The Black Rubric is a satirical comic that indulges in a little bit of darkness alongside self-discovery tell tales. Kate Fleming’s well-drawn art and lettering by Hassan Otsmane-Elhaou heavily compliments Chris Mole’s crafty little script. All of these parts come together to tell the misadventures of a black metal band, playing with devils and demons, and finding harmony and content in their sound.
The highlight of the comic is definitely its clever writing. Each piece of text never fails to bemuse. In particular, the dryness in tone of the first-person narration offers, to some morbid extent, real life use and implications. For example, parts of the closing statement sums up the basic lessons learned in the short span of thirty pages: “You don’t need to surrender your soul or mind to a demon to achieve greatness.” Taken at face value, it may elicit small chuckles or bouts of confusion. However, the underlying heart laced through its casual and standoffish delivery does offer some helpful advice.
The effectiveness of the script owes its thanks to the stylistic choices made. The use of safari windows is an interesting form of driving narration; instead of your typical boxes, you are confronted with modern storytelling. Using bold on certain words help with the delivery of tone and emotion. This creates voice and brings the comic to life. Furthermore, the use of first-person narration sets further tones of being lost, frustrated and laid back. This encompasses the overall tone of the main character and the comic itself. It helps show perspective within Attila, the man possessed, and adds personality to the narrator. This is super indulgent in an immersive sort of way.
Following close to the script is the brilliant use of lettering. Lettering is a good substitution for sound and music. It visualizes the kind of chaotic energy the songs they play exude. This is especially true for when they were practicing the newly written song. The disarrayed words littered across the page highlight how out of tune they were with each other. The monochrome color palette also works alongside the lettering. It highlights rhythmic black metal, embodies gothic elements of the comic (in example, Attila being a gothic-derived name), emphasizes the use of satire, and accentuates the impact of the lettering.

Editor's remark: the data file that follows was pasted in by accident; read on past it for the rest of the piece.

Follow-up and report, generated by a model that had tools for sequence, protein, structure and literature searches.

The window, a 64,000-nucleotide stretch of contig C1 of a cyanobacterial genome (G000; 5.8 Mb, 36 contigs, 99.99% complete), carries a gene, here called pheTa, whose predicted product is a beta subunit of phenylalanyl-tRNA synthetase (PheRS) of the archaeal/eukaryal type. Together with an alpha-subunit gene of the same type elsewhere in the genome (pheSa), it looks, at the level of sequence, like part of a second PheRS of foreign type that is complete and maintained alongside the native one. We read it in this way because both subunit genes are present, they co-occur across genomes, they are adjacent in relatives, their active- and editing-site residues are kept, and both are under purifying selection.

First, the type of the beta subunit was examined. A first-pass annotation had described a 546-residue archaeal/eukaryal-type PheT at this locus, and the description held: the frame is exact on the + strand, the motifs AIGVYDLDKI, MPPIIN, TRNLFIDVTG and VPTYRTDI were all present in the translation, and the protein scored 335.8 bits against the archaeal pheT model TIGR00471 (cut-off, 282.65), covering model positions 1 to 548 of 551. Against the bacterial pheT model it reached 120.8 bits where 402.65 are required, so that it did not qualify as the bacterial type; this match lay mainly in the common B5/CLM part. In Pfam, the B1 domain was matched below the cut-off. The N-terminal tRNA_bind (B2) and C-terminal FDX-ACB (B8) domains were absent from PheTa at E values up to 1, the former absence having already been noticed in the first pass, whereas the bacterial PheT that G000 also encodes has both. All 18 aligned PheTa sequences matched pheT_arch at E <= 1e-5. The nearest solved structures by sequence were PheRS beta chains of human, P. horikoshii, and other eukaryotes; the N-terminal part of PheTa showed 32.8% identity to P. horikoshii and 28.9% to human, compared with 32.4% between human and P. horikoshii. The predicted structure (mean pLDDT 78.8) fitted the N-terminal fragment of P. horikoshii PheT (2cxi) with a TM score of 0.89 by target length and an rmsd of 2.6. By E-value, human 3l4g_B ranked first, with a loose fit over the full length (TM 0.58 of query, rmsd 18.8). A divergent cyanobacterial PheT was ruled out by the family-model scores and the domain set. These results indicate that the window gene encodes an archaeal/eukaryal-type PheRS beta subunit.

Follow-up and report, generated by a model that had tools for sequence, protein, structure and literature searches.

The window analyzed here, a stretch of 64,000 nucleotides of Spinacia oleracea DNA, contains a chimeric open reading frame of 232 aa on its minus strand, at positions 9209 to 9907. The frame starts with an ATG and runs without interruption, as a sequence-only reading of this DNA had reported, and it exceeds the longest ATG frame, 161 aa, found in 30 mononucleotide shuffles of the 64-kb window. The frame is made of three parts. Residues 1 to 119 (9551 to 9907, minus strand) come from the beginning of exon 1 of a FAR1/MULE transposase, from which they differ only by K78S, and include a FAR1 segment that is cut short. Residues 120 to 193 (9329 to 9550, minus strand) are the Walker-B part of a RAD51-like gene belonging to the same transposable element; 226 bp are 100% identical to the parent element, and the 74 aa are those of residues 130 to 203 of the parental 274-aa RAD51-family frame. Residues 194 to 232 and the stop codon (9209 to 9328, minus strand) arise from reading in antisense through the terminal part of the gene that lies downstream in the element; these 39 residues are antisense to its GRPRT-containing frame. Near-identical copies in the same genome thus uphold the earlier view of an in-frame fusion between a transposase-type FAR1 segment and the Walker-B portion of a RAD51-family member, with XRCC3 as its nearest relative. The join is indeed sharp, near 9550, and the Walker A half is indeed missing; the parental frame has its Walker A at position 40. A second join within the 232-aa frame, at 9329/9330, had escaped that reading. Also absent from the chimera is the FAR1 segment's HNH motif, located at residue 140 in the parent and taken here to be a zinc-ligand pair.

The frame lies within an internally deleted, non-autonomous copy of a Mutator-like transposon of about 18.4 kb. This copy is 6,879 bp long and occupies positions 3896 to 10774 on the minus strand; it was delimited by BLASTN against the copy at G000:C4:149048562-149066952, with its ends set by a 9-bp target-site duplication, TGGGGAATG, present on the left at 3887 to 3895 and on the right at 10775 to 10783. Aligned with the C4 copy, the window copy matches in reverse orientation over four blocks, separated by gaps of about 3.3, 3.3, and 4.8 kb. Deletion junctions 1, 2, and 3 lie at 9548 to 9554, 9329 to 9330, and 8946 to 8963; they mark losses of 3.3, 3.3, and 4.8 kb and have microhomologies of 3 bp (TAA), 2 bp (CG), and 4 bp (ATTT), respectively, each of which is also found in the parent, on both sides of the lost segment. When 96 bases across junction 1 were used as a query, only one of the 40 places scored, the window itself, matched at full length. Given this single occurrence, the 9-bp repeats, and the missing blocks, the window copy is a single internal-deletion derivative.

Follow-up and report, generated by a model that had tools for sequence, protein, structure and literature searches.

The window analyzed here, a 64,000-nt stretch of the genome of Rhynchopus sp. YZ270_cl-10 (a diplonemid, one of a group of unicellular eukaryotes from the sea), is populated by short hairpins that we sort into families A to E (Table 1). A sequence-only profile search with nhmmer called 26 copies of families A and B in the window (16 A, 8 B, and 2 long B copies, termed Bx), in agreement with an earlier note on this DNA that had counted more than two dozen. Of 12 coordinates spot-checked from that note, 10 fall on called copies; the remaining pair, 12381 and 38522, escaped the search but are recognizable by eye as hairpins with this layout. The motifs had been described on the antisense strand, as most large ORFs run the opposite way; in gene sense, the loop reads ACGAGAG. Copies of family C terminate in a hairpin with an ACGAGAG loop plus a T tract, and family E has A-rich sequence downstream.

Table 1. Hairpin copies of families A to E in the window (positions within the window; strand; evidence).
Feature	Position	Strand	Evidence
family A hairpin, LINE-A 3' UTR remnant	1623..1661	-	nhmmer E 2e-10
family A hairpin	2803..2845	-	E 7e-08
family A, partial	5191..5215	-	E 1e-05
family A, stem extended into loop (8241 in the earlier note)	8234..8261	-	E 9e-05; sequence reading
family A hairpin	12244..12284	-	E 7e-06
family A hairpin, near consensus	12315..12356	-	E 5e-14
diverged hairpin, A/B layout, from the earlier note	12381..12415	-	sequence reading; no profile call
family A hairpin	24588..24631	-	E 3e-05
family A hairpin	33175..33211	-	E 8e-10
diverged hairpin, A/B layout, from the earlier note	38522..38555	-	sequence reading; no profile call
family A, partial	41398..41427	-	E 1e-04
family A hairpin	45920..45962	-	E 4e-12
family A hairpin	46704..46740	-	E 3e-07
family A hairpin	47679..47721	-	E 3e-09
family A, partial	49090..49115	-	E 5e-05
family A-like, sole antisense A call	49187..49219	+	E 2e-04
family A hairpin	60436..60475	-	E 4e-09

The monochrome palette flows well with the modern style of art. The art presents each character, main or extra, with their own distinctive features. This again results to a livelier world within the comic’s realm. All these different aspects come together into one cohesive style that perfectly suits the story the comic is trying to tell.
My biggest criticism with The Black Rubric is the lack of depth in tackling the lore of demons. I do see that thirty pages remain limited and contrived to truly be able to explore a seemingly complex fantastical world. However, the satirical tone lends the story space to marvel in all things absurd and macabre. In a sense, it does achieve the idiosyncrasies offered by such a genre. It compliments somber tones with black metal music and apathetic recklessness. Still, it doesn’t go all out in terms exploring the demon side of things. It shies away using typical tactics of dry humor and ludicrous dialogue. The lack of world-building can often be useful in other specific media that deals with the fantastic. However, in this particular comic, it fails it and leaves a sense of something lacking in the story provided.
I believe The Black Rubric is a fantasy-driven read that indulges in a little bit of casual darkness. It balances a craving for that edgy sort of media, while still stimulating an intelligent lust for analysis and exploration. Even with such a distinct lack of world-building and lore expansion, it still manages to satisfy with everything it offers. From the art, the color, the lettering and the script; all of these things have multiple layers that connect with each other. This forms an extremely nuanced, overly casual, yet simplistic read that I very much enjoyed.